Oswiecim. Translation: Auschwitz.
I know what you’re thinking. Why would anyone want to visit a Nazi Extermination Camp and witness the horrors and remnants of a cold, calculated plan that can only be described as pure evil? The sheer magnitude of it all, even viewed from a distance in our books, computer screens, and televisions, is enough to move one to tears. Why would anyone want to see it in person and stand in the desperate footsteps of all those who faced unfathomable suffering and ultimately perished? Why would anyone choose to walk the haunted grounds where the world turned a blind eye, and an estimated 1.1 million people were cruelly tortured and systematically murdered in one of the most notorious examples of genocide?
Because we should never forget.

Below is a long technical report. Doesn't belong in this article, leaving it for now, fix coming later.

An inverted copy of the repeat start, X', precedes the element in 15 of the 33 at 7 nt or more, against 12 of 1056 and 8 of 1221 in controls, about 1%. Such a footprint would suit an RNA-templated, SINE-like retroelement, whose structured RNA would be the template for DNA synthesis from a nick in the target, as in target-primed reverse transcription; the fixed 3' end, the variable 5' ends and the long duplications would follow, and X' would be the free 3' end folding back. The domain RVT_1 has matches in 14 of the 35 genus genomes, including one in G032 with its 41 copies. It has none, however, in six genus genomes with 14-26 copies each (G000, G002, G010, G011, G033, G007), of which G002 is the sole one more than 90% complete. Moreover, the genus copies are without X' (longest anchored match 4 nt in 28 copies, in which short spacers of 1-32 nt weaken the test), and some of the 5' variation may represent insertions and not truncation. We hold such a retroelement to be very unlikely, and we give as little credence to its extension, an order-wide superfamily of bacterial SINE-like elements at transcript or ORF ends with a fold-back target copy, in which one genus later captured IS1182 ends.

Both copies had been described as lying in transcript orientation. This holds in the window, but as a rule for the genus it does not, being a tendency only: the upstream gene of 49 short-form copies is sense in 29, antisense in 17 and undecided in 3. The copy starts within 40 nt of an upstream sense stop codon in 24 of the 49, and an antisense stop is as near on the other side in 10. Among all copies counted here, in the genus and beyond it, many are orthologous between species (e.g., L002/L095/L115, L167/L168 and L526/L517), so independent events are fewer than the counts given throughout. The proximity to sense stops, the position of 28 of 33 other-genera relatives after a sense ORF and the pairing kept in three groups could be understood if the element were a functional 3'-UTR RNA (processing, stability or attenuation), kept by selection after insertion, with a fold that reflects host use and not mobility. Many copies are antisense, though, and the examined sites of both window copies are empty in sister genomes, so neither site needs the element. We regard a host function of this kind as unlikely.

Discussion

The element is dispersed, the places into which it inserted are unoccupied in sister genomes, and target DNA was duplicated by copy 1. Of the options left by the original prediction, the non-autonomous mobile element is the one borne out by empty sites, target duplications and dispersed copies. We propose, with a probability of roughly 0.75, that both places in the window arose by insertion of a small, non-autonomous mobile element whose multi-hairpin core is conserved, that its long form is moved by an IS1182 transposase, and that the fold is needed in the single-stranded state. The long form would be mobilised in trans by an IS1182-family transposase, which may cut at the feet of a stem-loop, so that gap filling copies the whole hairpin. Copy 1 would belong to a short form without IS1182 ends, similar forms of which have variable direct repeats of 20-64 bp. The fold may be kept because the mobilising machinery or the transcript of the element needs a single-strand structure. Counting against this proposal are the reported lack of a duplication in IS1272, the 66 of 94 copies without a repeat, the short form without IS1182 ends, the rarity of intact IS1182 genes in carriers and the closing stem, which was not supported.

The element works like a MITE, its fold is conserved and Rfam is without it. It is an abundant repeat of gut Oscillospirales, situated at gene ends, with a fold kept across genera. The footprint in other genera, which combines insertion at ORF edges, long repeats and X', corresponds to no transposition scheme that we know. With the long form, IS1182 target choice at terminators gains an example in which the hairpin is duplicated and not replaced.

We have an obligation to all those who entered through those metal gates and exited only when they took their last breaths, an obligation to all those who survived the horrors of Auschwitz and were forever traumatized by their experiences. We should never forget what hatred and evil are capable of doing to society, to mankind, and to innocent men,women, and children. We should never forget what blatant lies humans are capable of believing, and what those fabrications can lead to. We should never forget how dangerously simple it is for those in power to manipulative and brainwash an entire country through the incitement of fear and spread of propaganda. And we should never forget the victims – those innocent beings who were ripped from their homes, their families, their lives, and suffered at the hands of oppression, hatred, and ignorance. They may be gone, but their story remains very much alive and we owe it to them to be their voice.